chapter 21 enzymes and vitamins n.
Skip this Video
Loading SlideShow in 5 Seconds..
Chapter 21 Enzymes and Vitamins PowerPoint Presentation
Download Presentation
Chapter 21 Enzymes and Vitamins

Chapter 21 Enzymes and Vitamins

413 Vues Download Presentation
Télécharger la présentation

Chapter 21 Enzymes and Vitamins

- - - - - - - - - - - - - - - - - - - - - - - - - - - E N D - - - - - - - - - - - - - - - - - - - - - - - - - - -
Presentation Transcript

  1. Chapter 21 Enzymes and Vitamins 21.5 Enzyme Inhibition 21.6 Regulation of Enzyme Activity 21.7 Enzyme Cofactors

  2. Enzyme Inhibition Inhibitors: • Are molecules that cause a loss of catalytic activity. • Prevent substrates from fitting into the active sites. E + S ES E + P E + I EI no P

  3. Reversible Competitive Inhibition A competitive inhibitor: • Has a structure like the substrate. • Competes with the substrate for the active site. • Has its effect reversed by increasing substrate concentration.

  4. Noncompetitive Inhibition A noncompetitive inhibitor: • Has a structure different than the substrate. • Distorts the shape of the enzyme, which alters the shape of the active site. • Prevents the binding of the substrate. • Cannot have its effect reversed by adding more substrate.

  5. Malonate and Succinate Dehydrogenase Malonate: • Is a competitive inhibitor of succinate dehydrogenase. • Has a structure that is similar to succinate. • Inhibition is reversed by adding succinate.

  6. Irreversible Inhibition • Loss of all enzymatic activity • Toxic substance (irreversible inhibitor) forms a covalent bond with an amino acid in the active center. • Prevents the substrate from entering the active site. • Prevents the catalytic activity. • Examples: insecticides and nerve gases inhibit the enzyme acetylcholinesterase (needed for nerve conduction).

  7. Irreversible inhibitor DFP (diisopropyl fluorophosphate) • DFP forms a covalent bond with the OH group of the amino acid serine in the active site of the enzyme acetylcholinesterase. • Acetylcholinesterase is inhibited. • The transmission of nerve impulses is blocked. • Paralysis occurs.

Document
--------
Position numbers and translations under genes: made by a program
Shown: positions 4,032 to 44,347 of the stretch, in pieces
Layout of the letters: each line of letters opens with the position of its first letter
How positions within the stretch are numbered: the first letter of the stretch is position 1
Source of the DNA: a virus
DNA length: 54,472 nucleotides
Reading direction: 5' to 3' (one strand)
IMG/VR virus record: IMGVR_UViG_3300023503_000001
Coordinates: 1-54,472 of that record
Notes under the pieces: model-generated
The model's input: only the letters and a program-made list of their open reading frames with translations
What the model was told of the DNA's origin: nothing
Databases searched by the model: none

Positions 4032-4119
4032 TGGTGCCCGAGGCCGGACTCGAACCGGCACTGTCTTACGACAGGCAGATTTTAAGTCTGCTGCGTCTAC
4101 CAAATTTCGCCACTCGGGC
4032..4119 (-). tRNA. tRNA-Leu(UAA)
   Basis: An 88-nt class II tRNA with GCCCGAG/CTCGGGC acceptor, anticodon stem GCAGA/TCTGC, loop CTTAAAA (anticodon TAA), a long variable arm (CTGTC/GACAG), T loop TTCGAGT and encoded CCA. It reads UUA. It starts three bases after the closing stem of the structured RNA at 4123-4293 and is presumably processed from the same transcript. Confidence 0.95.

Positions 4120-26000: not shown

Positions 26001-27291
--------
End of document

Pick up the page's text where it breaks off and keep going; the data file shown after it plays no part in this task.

8. Irreversible Inhibition • In irreversible inhibition, a substance destroys enzyme activity by bonding with R groups at the active site.

  9. Zymogens Zymogens (proenzymes): • Are inactive forms of enzymes. • Are activated when one or more peptides are removed. • Such as proinsulin is converted to insulin by removing a small peptide chain.

  10. Digestive Enzymes Digestive enzymes are: • Produced as zymogens in one organ and transported to another such as the pancreas when needed. • Activated by removing small peptide sections.

  11. Allosteric Enzymes • An allosteric enzyme is an enzyme in a reaction sequence that binds a regulator substance. • A positive regulator enhances the binding of substrate and accelerates the rate of reaction. • A negative regulator prevents the binding of the substrate to the active site and slows down the rate of reaction.

  12. Feedback Control In feedback control: • A product acts as a negative regulator. • An end product binds with the first enzyme (E1) in a sequence, when sufficient product is present.

  13. Enzyme Cofactors • A simple enzyme is an active enzyme that consists only of protein. • Many enzymes are active only when they combine with cofactors such as metal ions or small molecules. • A coenzyme is a cofactor that is a small organic molecule such as a vitamin.

  14. Enzyme Cofactors

  15. Metal Ions as Cofactors • Many active enzymes require a metal ion. • Zn2+, a cofactor for carboxypeptidase, stabilizes the carbonyl oxygen during the hydrolysis of a peptide bond.

  16. Some Enzymes and Their Cofactors